March 3, 2016
The Philodemic gathered in Riggs Library for the last debate before Spring Break to debate a highly innovative and interesting topic – Resolved: It is better not to have a sense of self. On the affirmation, Mr. Danny Graff (SFS ’16) of California keynoted with Sergeant Ashley Burke (COL ’16) of Vermont on the negation. President Thanki registered her enthusiasm for the topic, as did many members.
Mr. Graff opened the debate by quoting a Buddhist text to introduce the Buddhist worldview: that we have no self. Using this as a means of explaining the debate, he held that ‘self’ meant personal ego, me as an “I.” He proceeded to make the case for living without this sense of self – as it creates an ‘other,’ that allows us to blame other people, traps us in an egocentric perspective, prevents dialogue, and creates a victim mentality. The ‘self’ also makes us possessive of ourselves. Mr. Graff then argued that being ‘selfless’ makes us happy – we feel connected with the world and delight in it. “A selfless person cannot be unhappy.”
Sergeant Burke rose to oppose her Buddhist-minded friend, positing the debate as a clash between Eastern and Western conceptions of philosophy. True to her side, she opened with a Biblical tale: the Fall of ‘Man,’ as a metaphor for gaining knowledge of self. Yet instead of condemning Eve, Ms. Burke celebrated self-knowledge. Evoking Descates’ cogito ergo sum, she defined the self as the ability to reflect inward about yourself. Using a personal anecdote, she hammered home the point that “you are the only one who feels your pain or pleasure,” and the self is truly you, and nothing can separate you from that. Citing Heidegger, she argued that the world belongs to each of us insofar as we perceive it, thus we should take ownership of it. The way we own the world gives it beauty and meaning, and without the self, there is no reason to go out and live your life.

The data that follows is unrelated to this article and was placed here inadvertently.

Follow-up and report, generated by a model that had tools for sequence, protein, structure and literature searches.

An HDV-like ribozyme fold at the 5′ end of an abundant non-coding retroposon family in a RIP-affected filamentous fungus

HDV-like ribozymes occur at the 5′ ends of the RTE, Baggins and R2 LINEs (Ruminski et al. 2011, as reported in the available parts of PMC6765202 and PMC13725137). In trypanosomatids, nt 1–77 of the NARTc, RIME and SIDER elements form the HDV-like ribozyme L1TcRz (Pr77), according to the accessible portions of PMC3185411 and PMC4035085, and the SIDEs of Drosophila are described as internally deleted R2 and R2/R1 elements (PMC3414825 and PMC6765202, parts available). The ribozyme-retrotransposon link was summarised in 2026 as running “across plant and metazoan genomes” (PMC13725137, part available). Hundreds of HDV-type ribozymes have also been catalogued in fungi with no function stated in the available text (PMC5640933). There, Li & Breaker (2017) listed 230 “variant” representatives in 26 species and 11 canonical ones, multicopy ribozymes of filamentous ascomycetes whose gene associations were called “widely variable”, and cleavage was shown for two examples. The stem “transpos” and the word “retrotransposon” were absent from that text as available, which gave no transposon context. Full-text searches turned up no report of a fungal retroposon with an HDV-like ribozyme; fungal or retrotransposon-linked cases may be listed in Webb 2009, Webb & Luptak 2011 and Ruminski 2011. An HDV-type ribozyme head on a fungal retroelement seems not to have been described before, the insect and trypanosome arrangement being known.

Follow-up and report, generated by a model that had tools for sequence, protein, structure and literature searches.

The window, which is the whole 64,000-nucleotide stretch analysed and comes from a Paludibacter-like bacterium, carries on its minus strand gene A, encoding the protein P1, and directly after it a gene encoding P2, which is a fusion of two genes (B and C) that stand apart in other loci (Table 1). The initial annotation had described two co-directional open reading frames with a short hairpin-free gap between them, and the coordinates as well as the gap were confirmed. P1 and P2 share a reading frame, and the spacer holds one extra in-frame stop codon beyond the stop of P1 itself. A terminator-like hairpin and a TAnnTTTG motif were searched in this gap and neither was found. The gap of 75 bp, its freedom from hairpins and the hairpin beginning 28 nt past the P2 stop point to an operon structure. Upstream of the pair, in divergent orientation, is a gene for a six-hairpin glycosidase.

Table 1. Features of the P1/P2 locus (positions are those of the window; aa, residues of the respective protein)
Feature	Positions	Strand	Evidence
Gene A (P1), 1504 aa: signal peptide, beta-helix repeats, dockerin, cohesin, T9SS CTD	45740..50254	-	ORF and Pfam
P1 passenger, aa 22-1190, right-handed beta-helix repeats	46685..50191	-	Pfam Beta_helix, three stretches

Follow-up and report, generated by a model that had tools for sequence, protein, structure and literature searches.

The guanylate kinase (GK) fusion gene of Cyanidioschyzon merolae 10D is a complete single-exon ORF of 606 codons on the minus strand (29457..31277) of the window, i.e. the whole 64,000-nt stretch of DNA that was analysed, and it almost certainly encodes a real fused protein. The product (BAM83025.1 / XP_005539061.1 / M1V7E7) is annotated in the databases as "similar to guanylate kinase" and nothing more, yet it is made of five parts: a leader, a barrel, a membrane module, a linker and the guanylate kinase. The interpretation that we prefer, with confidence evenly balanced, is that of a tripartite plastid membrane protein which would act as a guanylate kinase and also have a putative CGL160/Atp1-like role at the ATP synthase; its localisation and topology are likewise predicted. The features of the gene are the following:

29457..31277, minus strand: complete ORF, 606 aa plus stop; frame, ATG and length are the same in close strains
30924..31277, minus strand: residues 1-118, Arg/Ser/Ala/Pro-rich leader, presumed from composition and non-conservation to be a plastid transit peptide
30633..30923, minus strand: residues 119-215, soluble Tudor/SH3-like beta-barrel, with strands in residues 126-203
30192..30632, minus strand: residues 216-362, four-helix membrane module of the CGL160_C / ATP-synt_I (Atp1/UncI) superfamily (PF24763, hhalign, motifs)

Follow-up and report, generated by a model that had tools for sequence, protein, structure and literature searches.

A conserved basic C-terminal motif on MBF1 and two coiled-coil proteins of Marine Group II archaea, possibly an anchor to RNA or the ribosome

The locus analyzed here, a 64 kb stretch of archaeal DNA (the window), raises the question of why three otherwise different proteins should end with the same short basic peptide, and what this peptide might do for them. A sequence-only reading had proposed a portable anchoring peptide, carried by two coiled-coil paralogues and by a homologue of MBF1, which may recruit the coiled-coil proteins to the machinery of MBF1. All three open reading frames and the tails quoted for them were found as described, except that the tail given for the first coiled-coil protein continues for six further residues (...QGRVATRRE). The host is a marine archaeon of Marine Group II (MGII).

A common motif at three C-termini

Opening the floor, Ms. Landau argued that we can get caught in ourselves and become blind to happiness that is everywhere, as in Ms. Provost’s smile, which creates love. Mr. Musgrave followed on this discussion by positing love as giving one’s self to another, whereas having no self would make this impossible. Mr. Hinck denied this definitional logic, quoting Albert Camus’s The Stranger, to argue that the opposition of the self and the world prevents accepting the world’s indifference. Mr. Tu used Hegel to argue that we must find the ‘self’ in others and thus find meaning while Mr. Zawora used epigenetic changes in DNA to highlight the role of interaction in determining the self. Mr. Shaughnessy argued that identity gives us both the capacity to feel empathy and triumph, and that no self leads to a fragmented identity. Mr. Willis countered that we should aspire to selflessness, the experience of letting things go. Vice President Little balanced the harm that self-consciousness can bring with the importance of positive thinking. Mr. Perez-Reyes, after portraying in adroit thespian fashion his experience lying in bed and finding the floor of Riggs too comfortable to leave, argued that understanding the self is not necessary for empathy, it is about connecting with others. Ms. Cuppari countered with the image of two water drops merging into one, holding that connecting with others without self can lead to a loss of identity. President Thanki evoked her Hindu tradition by describing its distinct sense of self until the realization of the collective soul, positing total empathy as our end goal.